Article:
Sitting on a reclining chair with my cat on my lap before 8 a.m., watching the city come to life through my window, hearing its faraway trains blare on horns that from this distance sound more like suggestions, watching the sky wake up by degrees as well, its oranges and blues fading to something more muted, something more mature.
Being used to chaos, you end up craving quiet while not knowing what to do with it once you get it. It’s a paradox. You can do the breathing exercises, you can sit still with your hands forming a perfect circle in your lap, and you can light that incense and wait as the smoke fills the air, all while battles and carnage play through your mind. You learn how to quiet this a bit, or at least make it appear invisible from the outside, invisible to the people who don’t know you enough to recognize, but that deep breath has something more behind it, that tension in your shoulders isn’t just stress from work, and they will ask their questions and you’ll do your best to answer them, all while memories come in scattershot–in sawed-off sprays of light, waking you up when you try to sleep.
Not all of them bad memories, but all of them vivid, even the good ones, the moments you’d forgotten about: running around town at seventeen, shooting a short film with friends, using a crappy old JVC you thought was state-of-the-art at the time, and kind of was, it’s all relative, and you’re kind of glad this was the hobby you guys chose, because you can still find some of these short films on YouTube (the ones that are still up there), and you can download them in case ancient accounts ever get deleted, and you can watch these living time capsules and remember even more.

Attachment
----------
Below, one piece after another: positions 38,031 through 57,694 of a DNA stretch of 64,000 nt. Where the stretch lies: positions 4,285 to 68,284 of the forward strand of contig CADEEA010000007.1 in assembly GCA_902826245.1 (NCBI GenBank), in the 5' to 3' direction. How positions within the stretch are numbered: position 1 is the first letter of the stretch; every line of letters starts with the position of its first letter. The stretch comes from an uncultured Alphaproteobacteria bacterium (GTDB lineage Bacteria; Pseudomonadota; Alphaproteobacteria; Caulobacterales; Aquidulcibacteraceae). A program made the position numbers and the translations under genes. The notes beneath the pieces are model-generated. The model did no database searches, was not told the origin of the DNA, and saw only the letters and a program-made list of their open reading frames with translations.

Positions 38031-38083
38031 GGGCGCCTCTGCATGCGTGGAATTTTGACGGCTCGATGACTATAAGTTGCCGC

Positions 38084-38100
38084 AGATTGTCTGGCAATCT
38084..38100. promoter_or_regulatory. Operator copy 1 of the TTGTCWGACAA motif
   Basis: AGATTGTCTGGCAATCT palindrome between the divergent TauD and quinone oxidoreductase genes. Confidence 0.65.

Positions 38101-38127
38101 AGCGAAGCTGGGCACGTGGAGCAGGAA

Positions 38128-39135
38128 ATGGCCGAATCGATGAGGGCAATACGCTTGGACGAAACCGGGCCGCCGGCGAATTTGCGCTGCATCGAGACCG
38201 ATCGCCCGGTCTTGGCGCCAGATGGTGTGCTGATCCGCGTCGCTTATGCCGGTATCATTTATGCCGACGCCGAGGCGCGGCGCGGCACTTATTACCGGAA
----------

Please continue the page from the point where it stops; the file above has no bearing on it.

It’s amazing how much things stick, now more than they ever did before, or maybe just in a different way–the objective versus subjective, digital to replace analog, and the way that you will sometimes not want to watch the video because it will change what really happened, or at least what your brain tells you happened, filling in the gaps with fiction and coloring all the facts with bias, because in this world of data it’s if-then arguments, binary constructs, zeroes and ones–hardly any more sophisticated than the dots and dashes of the Morse code days and yet worlds apart technologically. So sometimes you just want to let the truth have its day. Sometimes you want to keep the memories as they are.